We talked with Fray Javier Monroy, Father Prior of the Community of Augustinian Recollects of the San Ildefonso and Santo Tomás de Villanueva International School, in whose convent church is the famous painting that arrived 350 years ago. Highly frequented by the Latin American community, it is a space of consolation for the people who entrust their most intimate wishes to the Mother Mary.
The first image of the Virgin of Guadalupe to arrive in the capital of Christianity was painted in Mexico in 1667 by Juan de Murcia and arrived in Rome in 1672. This work of art illustrates the moment in which Saint Juan Diego showed his Tilma, a characteristic Mexican cloak, with the roses that miraculously appeared on the fabric.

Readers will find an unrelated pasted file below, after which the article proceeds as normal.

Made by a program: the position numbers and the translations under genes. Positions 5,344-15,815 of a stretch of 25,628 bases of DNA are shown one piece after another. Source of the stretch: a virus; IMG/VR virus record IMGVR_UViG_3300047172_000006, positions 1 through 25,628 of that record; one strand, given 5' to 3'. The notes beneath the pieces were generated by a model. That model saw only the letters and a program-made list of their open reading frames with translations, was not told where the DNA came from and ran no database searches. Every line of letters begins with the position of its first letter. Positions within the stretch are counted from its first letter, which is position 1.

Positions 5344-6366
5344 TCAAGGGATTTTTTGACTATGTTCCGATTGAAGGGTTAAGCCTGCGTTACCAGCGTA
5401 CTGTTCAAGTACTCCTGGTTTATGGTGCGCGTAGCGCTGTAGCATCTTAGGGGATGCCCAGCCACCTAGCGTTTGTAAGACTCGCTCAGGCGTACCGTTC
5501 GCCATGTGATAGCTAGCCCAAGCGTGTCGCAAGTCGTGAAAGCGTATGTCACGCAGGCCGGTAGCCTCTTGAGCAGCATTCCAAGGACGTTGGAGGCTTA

This image is venerated in the convent chapel of the Community of Augustinian Recollects of the San Ildefonso and Santo Tomás de Villanueva International College, located on Via Sistina 11, in the historic center of Rome.
In an interview, the Father Prior of the Augustinian community, Fray Javier Monroy OAR, elaborates on the historical material sent exclusively to the Vatican media. The chapel is made up of an altar made with the marble inlay technique, in which an eagle is represented on a cactus, which today appears on the coat of arms and the flag of Mexico. The decoration is completed with stuccos of cherubs, cornices, a large crown on top of the main painting, and a relief of the Holy Spirit. There are other images of the Guadalupana in Rome, but they are later than this one.